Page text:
Dan says that, based on the evidence, there is a 10% chance the resurrection occurred. Both N. T. Wright in his book “The Resurrection of the Son of God” and Mike Licona have argued thoroughly that the probability is much higher.
Dan misunderstands faith - he says it is a lazy way to arrive at knowledge and is not rooted in reason - nothing could be further from the truth.
Dan believes that Christianity is arrogant because Christians claim to know the truth and claim to be serving the God of the universe - he views it as either a power trip or a fulfillment of a need for purpose / meaning. If God does exist and has humbled Himself, taking on the form of a servant to love us, and if He is the source of all that is good, true, and beautiful in the world, then the humble thing to do is to love Him wholeheartedly and obey Him. The fear of the Lord is the beginning of wisdom. So there is a deeper question of God’s existence at the bottom of this objection.
Dan claims that Christianity is not concerned with morality, but rather with blind obedience to God. I do not doubt that may have been true in the religious tradition in which he grew up, but it is not true in Scripture. God invites man to reason with Him and the entire ethic of Scripture is rooted in selfless love, which has transformed the world. In fact, an argument can be made that without Christianity the Western world as we know it would not exist. Take a look at Greco-Roman society - its immorality and violence - and you’ll understand that Western morality is not in the least pagan; it is quite Christian.
Dan cites the conquest of Canaan and Biblical views on homosexuality as examples of immorality within the Christian worldview. While these are not simple issues, Paul Copan has addressed the conquest of Canaan at length and believing that the human body is sacred unto God is not immoral, though certainly people claiming the name of Christ have behaved reprehensibly towards people of different lifestyles. We are called to love the lost—not mistreat them.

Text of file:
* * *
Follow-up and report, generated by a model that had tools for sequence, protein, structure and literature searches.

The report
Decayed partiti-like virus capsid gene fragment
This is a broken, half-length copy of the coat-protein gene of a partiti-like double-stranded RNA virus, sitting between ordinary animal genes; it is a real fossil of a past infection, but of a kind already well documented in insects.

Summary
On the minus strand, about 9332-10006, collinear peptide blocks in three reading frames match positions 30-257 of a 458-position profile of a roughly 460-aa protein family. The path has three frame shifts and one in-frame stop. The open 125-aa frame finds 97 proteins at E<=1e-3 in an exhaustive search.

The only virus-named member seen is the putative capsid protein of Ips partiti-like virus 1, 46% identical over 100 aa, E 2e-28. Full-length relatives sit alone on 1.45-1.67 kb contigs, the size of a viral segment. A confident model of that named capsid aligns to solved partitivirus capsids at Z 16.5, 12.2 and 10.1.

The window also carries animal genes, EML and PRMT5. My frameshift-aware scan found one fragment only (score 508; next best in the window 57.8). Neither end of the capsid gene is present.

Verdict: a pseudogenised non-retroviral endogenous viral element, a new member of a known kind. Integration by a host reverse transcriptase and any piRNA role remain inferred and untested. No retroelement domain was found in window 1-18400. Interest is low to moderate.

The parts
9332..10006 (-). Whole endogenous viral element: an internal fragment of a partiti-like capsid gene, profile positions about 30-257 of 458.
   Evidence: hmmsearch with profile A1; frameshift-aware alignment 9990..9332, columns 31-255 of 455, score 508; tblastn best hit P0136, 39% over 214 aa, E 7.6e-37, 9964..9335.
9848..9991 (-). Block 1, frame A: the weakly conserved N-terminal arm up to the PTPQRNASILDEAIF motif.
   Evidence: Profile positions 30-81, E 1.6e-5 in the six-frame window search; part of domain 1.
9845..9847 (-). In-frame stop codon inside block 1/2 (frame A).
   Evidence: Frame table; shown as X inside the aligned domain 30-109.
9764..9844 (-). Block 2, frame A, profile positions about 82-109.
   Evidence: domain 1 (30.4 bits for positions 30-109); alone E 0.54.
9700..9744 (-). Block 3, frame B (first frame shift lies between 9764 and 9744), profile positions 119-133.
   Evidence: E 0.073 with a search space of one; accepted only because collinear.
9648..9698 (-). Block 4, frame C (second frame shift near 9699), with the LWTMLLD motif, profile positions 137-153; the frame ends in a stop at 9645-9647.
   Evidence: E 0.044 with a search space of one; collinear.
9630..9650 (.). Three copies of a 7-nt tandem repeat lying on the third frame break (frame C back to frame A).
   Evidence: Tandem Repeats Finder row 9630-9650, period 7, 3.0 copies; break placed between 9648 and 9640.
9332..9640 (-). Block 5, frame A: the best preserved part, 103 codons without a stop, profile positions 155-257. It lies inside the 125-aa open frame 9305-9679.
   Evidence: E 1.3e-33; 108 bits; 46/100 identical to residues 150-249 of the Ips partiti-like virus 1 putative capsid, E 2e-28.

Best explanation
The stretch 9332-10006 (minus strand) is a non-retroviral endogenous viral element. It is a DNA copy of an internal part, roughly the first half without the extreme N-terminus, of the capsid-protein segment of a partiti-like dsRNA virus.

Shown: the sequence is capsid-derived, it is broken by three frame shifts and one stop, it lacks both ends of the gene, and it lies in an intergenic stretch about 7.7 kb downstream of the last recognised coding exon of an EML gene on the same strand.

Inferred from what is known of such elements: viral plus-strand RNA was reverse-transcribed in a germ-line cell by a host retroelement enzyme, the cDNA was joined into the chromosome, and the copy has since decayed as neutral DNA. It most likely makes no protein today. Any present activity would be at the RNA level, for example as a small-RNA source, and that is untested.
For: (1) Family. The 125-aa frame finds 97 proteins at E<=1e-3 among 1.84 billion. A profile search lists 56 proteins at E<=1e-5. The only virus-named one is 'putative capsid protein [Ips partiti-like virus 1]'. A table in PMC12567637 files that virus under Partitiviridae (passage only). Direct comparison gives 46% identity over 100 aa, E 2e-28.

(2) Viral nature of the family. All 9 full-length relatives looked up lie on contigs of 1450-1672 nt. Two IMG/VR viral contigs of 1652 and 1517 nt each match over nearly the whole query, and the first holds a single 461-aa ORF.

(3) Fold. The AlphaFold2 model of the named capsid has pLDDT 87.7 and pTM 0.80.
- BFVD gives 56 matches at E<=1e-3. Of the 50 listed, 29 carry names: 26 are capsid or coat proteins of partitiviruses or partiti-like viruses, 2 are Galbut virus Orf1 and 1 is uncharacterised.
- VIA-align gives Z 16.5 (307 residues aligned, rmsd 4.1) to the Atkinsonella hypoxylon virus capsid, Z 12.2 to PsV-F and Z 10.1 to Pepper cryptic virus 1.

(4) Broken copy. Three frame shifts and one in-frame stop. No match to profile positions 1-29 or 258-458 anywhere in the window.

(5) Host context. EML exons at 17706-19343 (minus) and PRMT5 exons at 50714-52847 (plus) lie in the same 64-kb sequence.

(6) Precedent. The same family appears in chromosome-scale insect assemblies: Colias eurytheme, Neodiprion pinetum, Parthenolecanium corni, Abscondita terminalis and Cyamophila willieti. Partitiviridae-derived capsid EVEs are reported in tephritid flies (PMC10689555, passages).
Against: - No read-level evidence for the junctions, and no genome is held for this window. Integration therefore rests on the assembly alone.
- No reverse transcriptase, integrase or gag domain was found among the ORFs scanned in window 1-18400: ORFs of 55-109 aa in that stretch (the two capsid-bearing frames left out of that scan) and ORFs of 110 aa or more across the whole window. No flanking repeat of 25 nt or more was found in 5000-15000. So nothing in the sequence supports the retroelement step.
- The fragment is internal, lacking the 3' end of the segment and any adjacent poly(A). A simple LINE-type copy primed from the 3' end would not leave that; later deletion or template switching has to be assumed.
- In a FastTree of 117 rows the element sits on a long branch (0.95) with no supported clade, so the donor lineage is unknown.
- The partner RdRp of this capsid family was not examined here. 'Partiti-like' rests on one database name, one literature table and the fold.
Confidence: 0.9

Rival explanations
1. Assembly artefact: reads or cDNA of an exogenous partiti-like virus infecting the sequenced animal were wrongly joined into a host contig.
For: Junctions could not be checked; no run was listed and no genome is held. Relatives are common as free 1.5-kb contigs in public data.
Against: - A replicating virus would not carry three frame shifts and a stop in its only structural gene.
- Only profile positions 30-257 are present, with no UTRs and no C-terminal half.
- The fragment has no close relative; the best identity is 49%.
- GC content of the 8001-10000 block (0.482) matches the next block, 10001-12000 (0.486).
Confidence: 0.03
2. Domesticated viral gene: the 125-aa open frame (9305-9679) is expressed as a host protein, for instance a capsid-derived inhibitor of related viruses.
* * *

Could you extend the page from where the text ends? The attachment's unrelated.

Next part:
One thing I want to agree with Dan on is that all people, regardless of religion, are capable of being moral and raising moral kids. Jesus did not come to make bad people good—He came to make dead people live. We are all made in God’s image and His law is written on our heart. The heavens declare His glory and we are all aware of right and wrong.
So here I agree with Dan’s point, but disagree as to the reason. Dan would say that our morality has evolved in some fashion. In contrast, I would say God’s law is written on the human heart and that this common morality in fact points to God rather than disproving religion.
@Wian One thing I would add to what has already been said is that often when someone turns away from their faith, there is an event that has occurred that has shaken them to the core. As such, all the argumentation in the world will not turn them back. To get to the root of the issue requires lots of conversation & living life with them enough to where they will finally trust you enough to open up about what has gone on in their lives. Only then can you begin to deal with the actual issue.